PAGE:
Trading in His Shelter for Danger (Tahoma)

Font: Tahoma

Year created: 1994

Chapter: “Trading in His Shelter for Danger”

Book: And Jakob Flew the Fiend Away (original working title: And Jakob Limped)

Written: Probably April 2012

Computer created on: 2008 15-inch MacBook Pro

File format: Word 2004

I’d originally written and scheduled my T post to cover “The Torch Passes,” Part XVI of Cinnimin, but I decided to move that into my drafts folder and go with something a bit more recent and polished. I also love the title of this chapter. Bonus points if you know the song I got the title from!

“Trading in His Shelter for Danger” begins at the end of June 1943, when 17-year-old Jakob officially joins his friends’ partisan group, which specializes in assassination and sabotage. Though Jaap still has a heavy limp at this point, he’s very enthusiastic about his service. During this chapter, he finds his loyal dog Ben and has his first meeting with the girl who later becomes his wife.

Some highlights:

Jakob tossed his bag on the bed and began rolling up his clothes.  Many years ago, Ruud had taught him that clothes took up less space when they were rolled instead of folded.  He gently stroked the pair of pants Luisa had sewn a patch on, and the shirt she’d sewn up a tear in.  He was glad none of his shirts had any noticeable holes or yellow stains on them from having had those hideous yellow stars sewn on for almost seven months.

“Yes, Meneer.  I don’t mind spending days or weeks just sitting around playing cards and spying, so long as I still get to kill Nazis and NSBers.  Quality counts more than quantity.”

Jakob called to mind the ugly, evil faces of Ruud’s three assassins as they walked towards the road as though nothing were amiss.  In spite of the hot weather, they were wearing long lightweight jackets to cover the weapons in their holsters.  If one of Ruud’s assassins were among the enemies in the car or at the hotel, all he’d have to do would be to reach under the jacket, aim, and shoot.

“And remember, it’s not real murder,” Leendert said. “Only real murder is forbidden by the Ten Commandments.  Killing in time of war or in self-defense is allowed in the Bible.  God doesn’t want us to be pansies who don’t defend ourselves.”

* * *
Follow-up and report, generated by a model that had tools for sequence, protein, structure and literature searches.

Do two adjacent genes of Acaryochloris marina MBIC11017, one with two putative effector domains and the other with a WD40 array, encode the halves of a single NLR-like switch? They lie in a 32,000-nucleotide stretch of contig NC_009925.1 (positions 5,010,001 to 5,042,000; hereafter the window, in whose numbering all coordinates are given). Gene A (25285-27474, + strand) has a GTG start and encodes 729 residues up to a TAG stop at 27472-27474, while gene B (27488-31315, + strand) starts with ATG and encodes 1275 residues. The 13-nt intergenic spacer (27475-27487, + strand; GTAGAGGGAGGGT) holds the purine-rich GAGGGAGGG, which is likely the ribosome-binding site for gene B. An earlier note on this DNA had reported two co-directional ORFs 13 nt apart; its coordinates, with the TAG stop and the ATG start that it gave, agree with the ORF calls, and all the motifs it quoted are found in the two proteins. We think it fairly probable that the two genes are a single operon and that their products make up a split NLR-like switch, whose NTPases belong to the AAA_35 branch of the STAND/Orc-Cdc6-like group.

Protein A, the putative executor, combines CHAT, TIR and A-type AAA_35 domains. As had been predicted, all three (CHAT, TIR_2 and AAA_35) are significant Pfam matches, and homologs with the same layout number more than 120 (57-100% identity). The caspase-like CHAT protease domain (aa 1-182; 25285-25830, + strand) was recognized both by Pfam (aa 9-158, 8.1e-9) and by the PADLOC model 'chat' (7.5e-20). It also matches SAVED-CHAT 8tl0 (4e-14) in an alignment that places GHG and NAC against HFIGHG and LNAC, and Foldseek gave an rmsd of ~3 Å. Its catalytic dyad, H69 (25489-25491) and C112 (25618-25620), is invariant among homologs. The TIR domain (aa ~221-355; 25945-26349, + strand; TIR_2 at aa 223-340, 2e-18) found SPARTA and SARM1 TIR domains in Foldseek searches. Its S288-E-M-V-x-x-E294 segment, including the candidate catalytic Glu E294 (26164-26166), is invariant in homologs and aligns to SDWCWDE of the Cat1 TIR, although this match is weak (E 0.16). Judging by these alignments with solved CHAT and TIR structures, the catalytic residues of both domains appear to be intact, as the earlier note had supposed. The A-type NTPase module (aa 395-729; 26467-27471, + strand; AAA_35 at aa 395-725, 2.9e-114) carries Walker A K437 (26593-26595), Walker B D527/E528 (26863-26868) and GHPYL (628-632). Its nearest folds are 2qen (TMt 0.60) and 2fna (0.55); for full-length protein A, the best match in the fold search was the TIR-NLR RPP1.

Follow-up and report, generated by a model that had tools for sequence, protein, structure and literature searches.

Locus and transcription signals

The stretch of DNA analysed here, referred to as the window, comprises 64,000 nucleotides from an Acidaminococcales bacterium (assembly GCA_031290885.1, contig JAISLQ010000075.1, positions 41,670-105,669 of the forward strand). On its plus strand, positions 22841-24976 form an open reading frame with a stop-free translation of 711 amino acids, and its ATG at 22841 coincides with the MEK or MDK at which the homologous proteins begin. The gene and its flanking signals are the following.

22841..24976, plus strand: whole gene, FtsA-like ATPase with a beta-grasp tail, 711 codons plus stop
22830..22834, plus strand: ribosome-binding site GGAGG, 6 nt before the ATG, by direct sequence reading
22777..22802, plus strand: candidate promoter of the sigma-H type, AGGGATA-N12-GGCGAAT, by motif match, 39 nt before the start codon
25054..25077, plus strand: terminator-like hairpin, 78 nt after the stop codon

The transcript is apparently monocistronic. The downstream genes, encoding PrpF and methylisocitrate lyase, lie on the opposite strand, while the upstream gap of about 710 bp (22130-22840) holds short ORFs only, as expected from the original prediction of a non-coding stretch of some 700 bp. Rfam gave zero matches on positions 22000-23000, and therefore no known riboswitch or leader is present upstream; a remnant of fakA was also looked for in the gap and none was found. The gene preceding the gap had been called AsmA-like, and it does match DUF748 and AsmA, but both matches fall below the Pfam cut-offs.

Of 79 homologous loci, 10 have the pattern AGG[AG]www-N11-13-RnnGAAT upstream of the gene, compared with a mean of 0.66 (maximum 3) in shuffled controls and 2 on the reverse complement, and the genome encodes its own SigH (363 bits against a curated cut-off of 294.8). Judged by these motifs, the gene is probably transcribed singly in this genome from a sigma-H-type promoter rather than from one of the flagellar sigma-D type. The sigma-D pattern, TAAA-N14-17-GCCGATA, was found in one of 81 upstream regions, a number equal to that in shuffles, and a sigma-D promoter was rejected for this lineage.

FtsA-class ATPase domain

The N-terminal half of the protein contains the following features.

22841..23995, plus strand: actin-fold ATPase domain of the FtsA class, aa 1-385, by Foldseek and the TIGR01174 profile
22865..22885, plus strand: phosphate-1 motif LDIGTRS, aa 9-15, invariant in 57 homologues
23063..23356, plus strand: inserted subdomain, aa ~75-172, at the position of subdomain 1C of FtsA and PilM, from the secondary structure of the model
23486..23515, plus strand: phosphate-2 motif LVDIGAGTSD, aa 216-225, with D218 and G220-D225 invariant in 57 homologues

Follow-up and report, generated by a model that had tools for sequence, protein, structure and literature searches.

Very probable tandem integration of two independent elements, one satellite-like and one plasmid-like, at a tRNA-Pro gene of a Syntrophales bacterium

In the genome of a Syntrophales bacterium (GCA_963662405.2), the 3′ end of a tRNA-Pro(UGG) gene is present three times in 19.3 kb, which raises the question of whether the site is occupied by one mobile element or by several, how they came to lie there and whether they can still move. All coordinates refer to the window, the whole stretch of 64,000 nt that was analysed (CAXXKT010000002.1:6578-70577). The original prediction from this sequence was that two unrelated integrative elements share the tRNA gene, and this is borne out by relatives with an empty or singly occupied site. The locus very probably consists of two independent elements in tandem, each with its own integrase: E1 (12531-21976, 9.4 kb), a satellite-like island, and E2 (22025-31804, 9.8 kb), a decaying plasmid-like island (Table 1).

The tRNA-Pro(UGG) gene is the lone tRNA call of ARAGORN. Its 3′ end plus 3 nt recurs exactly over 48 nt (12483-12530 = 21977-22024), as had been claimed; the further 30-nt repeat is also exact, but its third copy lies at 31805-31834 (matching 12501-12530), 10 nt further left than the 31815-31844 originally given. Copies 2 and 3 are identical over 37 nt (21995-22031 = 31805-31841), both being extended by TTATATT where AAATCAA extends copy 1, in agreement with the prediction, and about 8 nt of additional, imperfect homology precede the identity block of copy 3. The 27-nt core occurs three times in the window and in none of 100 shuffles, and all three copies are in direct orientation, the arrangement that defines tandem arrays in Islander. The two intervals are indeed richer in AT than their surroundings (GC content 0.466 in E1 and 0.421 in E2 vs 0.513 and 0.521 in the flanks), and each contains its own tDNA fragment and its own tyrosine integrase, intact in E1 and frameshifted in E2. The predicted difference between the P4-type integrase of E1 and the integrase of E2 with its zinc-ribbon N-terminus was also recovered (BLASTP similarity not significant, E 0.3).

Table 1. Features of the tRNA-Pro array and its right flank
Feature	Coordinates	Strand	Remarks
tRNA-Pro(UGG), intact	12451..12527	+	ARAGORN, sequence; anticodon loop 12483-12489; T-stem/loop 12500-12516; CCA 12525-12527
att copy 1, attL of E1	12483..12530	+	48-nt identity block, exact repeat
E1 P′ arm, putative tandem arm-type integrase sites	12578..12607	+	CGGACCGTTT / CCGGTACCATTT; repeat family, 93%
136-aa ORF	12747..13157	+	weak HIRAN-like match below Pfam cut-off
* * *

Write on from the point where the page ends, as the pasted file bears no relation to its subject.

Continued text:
Leendert noticed his discomfort and linked his arm through Jakob’s. “I’ll be your crutch on the right side, and you hold onto the banister with your left hand,” he whispered. “Just hop up on your good foot.  You can do this.  After we’re through here, you won’t have to navigate stairs for a long time, probably.”

The doorknob began rattling and two voices began shouting in German.  Leendert pulled out his gun as he got the door.  Jakob got up and lunged towards the fat one, squeezing his hands around his neck, pushing him onto a bed, and holding his knife against his throat.  With his other hand, he patted him down and felt no weapons.

Jakob looked up and saw Leendert had the other resident backed up into a corner at gunpoint.  This was sure enough the liver-spotted Nazi who’d ripped up the ter Avests’ picture of Princesses Juliana, Beatrix, and Irene.  The richness of the choice overwhelmed him.  Should he choose the easier target, the fat cougher, or make a name for himself by choosing the liver-spotted Nazi?

“That’s for what you did to my mother, you piece of sewage.” He put the smoking pistol back in his holster and limped towards the dying body to kick it in the head and kidneys several times. “I bet you never thought you’d someday meet your death at the hands of one of your intended victims.”

“I think he likes you,” Dries smiled as the dog licked Jakob’s face. “I’m not much into superstition, but I think it’s probably true that animals have a sixth sense and know when they’re around someone who loves animals.”

Jeronymus laughed. “Methinks the gentleman protests too much.  We won’t think you’re less of a man if you admit you liked the girl.  I’d actually think less of you if you’d never liked a girl by your age.  Did you ever have a sweetheart or do anything with a girl before we met you?”

Second Campaigner Challenge (Three for the price of one)